Exclusive Article: What’s Really Happening to Black Bookstores Closing Down!

According to Disilgold insiders, the economy’s recession has forced many businesses, namely black bookstores out of prime areas due to fluctuation in taxes, electricity and even water usage expenses. Prime realtors looking to buy out bookstores to build large chain stores also, close out bookstores with mediocre traffic. Just think of your regular fashion boutique with crowds of customers all day. Most bookstores have a sparingly amount of visitors that trickle in to buy texts, novels and books, leaving end of the month expenses and rent for space unfulfilled.

Yes, bookstores could rent a cheap cubicle office in any trendy state-of- the art loft in Manhattan to look large and in charge for only $600 books with a business partner, but unfortunately, you couldn’t fit the inventory a bookstore carries in a small cubicle with employees facing the wall. That just isn’t happening and this is worse than these tiny and narrow brownstones in Harlem turning into gift and novelty shops that you’re afraid to turn around in without breaking something. Cutesy, but bookstores need space and lots of it for signings, events, and to attractively display books that may be of vast interest to booklovers. It obviously takes money to make money, but there is only one problem, most black bookstores are behind in the expenses and inventory, inadequately staffed and just can’t handle the strain of too many book returns.  Perhaps, non of these reasons are why Karibu Bookstores closed down.  Sometimes, owners wish to take their profits and bail out when they see a down trend in the market.

Bookstores may be at fault for nurturing hype and feeding their customers tons of it making them crave more of the junk like a Pavlov experiment gone bad. Well, as the saying goes, what you sow is what you reap. You give kids candy, they’ll want more, but if you give readers garbage, whether it stinks or not, you’re guilty of conditioning their senses to think they need it from gossip and tabloids to severe hype and sexploitation of celebrities. However, once readers know they have been fooled, they grow less trusting of buying books.

 With 3/4 of the nation in debt and many companies resorting to increasing interest rates, the average African American family can no longer afford books as a luxury. More and more families are looking to resources with information which leave out novels that fulfill the last heirarchy of needs of human beings and that is  ENTERTAINMENT.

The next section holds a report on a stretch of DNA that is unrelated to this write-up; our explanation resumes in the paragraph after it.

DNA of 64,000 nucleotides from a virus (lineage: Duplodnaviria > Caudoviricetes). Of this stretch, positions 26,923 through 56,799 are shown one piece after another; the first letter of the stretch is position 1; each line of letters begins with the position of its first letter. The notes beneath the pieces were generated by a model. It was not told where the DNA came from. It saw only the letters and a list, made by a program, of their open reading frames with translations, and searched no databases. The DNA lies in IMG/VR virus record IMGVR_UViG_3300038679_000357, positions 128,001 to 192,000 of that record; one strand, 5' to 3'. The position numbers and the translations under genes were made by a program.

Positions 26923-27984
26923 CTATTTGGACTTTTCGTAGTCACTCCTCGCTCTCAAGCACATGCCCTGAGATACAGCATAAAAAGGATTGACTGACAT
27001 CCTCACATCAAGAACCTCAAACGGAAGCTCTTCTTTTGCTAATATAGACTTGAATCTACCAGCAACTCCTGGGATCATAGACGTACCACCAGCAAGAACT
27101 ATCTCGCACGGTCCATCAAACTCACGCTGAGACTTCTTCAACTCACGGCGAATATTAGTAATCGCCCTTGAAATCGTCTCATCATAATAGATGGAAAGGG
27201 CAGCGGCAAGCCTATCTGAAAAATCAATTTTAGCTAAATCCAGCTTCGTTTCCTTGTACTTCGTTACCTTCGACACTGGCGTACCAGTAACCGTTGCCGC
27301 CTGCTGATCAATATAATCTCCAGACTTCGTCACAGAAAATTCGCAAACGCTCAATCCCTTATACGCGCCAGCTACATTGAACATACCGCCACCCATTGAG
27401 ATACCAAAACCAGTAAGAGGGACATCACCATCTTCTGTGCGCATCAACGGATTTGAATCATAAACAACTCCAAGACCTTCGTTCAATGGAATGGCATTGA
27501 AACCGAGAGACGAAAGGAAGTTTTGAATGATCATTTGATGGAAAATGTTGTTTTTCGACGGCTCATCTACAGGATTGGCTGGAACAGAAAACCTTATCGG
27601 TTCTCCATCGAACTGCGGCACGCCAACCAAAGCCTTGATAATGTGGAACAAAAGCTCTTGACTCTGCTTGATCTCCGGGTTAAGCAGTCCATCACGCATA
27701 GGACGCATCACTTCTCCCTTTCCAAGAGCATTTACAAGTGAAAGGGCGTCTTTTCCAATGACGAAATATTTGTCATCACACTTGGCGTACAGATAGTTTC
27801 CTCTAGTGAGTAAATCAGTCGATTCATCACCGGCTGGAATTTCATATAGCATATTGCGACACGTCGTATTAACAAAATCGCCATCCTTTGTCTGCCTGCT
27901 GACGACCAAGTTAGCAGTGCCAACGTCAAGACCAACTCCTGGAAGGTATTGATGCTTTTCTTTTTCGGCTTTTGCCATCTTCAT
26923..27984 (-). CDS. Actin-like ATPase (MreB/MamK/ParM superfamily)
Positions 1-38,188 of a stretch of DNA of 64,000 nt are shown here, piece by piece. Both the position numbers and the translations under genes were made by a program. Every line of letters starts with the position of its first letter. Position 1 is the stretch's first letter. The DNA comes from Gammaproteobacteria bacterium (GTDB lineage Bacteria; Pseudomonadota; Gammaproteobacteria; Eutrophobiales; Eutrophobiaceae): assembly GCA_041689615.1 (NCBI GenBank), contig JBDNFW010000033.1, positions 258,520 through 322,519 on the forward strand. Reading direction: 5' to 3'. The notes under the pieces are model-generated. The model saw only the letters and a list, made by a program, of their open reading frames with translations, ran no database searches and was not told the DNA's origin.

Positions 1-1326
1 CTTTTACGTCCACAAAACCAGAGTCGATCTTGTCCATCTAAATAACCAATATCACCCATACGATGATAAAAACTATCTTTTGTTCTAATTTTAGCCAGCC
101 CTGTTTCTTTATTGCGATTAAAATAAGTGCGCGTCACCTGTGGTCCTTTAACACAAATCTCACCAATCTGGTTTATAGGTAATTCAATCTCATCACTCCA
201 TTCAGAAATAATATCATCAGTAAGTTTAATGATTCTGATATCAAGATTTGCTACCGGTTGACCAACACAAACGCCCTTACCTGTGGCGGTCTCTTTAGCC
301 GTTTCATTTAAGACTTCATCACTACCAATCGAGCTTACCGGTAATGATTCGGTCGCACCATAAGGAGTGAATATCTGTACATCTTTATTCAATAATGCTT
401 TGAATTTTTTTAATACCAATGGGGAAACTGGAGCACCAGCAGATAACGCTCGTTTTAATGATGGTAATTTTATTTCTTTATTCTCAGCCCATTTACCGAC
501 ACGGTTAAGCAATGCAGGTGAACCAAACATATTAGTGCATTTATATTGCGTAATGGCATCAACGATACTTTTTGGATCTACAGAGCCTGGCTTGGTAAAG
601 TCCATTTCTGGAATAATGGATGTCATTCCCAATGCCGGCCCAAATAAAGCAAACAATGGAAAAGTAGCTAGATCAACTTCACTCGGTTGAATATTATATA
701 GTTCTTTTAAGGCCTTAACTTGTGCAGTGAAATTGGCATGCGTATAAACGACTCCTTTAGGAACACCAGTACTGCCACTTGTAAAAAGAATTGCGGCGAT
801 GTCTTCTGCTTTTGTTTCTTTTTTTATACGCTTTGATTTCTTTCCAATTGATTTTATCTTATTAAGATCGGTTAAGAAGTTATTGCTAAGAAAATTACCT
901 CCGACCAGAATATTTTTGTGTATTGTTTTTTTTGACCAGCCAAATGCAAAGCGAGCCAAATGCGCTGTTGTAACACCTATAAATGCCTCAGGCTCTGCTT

Even Blockbuster stores closed down in New York when Tivo television became a growing and cheaper trend for movie watchers. So it was inevitable that stores  for other less interest forms of entertainment globally would begin to take a dip in profits.  With the computer age, people are resorting to e-books and seem to be glued to the computer every day leaving less time to get to the bookstores.

Finally,  even with top novelists attracting reluctant readers into bookstores, not enough book fans are filtering into stores. Many booklovers resort to swapping books, waiting for discounts and even visiting author’s websites for discounted books. Diehard booklovers may buy books like eyecandy that attract the eye with tempting bookcovers, but just as many return books to purchase new books. This is creating major paper work for bookstores with high inventory who otherwise may have dealt with individual self-publishers, but rather working with larger distributors. It doesn’t help that many self-published authors don’t have enough book inventory to supply the demand of fans, so very often the books just aren’t available in bookstores.

Regardless, of why Karibu closed with hints featured in the Washington Post, it is evident that many bookstore owners are now sweating bullets as they try to figure out if they are the next big meltdown. My only solution when this kindof crisis arises is for forums, bookclubs and book lovers to get online and encourage booklovers to visit their local store and support their books. There isn’t a single black owned bookstore I have visited that can’t say Heather Covington never purchased a truckload of books. Like Mary J. Blige old jam goes, I TRY, but everyone’s got to get their ass up and go to the bookstore or we may all lose out. Don’t think this is just a problem for authors. You simply won’t find the variety of African American books anywhere else than in a black bookstore.